Kaleidoscope by Richard D. Houff


There were several pool halls
in the town, and our tin badges
kept a close vigil on them

Other than 8 ball or snooker
nothing much ever happened;
the occasional wise guy might
show up and flex his muscles,
but they didn’t last nor return

And I never heard crimes being
planned or drug deals coming down

And there were no girls playing
at the tables; the pool halls were
boring as the day before yesterday,
or the day after tomorrow
in our town’s monotony

I wanted something faraway
and out of touch

I wanted to see the world
and move to the edge

To put a dent in what was
or could be held close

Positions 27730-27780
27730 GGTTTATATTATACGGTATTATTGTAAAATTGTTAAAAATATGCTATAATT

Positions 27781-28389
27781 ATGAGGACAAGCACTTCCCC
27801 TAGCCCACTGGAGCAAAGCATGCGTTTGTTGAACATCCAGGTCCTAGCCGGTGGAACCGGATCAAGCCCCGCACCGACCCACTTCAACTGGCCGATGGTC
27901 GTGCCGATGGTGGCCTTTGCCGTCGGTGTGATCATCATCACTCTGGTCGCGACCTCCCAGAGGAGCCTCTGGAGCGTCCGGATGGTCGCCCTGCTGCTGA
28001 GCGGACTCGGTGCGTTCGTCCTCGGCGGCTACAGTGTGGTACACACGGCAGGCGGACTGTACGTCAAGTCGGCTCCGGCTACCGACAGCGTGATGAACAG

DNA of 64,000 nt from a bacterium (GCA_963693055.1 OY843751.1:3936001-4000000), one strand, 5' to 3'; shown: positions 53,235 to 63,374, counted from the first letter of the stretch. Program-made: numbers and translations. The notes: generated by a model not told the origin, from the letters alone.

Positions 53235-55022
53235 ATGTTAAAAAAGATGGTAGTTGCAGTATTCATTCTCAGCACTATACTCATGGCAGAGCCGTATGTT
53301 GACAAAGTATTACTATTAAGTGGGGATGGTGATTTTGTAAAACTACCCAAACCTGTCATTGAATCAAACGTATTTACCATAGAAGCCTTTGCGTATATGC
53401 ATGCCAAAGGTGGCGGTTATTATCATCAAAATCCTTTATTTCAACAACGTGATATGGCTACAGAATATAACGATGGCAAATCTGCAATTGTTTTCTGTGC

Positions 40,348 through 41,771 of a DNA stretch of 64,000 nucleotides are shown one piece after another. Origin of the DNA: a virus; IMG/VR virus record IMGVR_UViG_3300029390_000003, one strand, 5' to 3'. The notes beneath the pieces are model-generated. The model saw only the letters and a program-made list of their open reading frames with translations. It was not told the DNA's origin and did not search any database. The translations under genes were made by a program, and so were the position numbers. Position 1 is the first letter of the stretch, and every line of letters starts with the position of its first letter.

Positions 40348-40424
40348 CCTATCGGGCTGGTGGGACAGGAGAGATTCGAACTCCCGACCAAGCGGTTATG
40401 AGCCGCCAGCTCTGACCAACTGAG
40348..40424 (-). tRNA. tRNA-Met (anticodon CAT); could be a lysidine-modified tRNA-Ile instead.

Years later while reading Hesse’s Siddhartha,
the title character crosses the river
to begin his journey

My own enlightenment came by way of car
and ended with this cryptic children’s ditty
ingrained in my head:

“The bear went over the mountain…
to see what he could see… the other side
of the mountain… is all that he could see. “

And that pretty much says it all.



Richard D. Houff was the former editor of Heeltap Magazine and Pariah Press Books, from 1986
until 2010. His poetry and prose have appeared in: Aldebaran, Brooklyn Review, Conduit,
Louisiana Review, Midwest Quarterly, North American Review, Rattle, Sutter Town Review, and
many other fine magazines. His most recent books of poetry are The Wonderful Farm and Other
Gone Poems from Flutter Press, and Dancing on Rooftops, from Homage Press.

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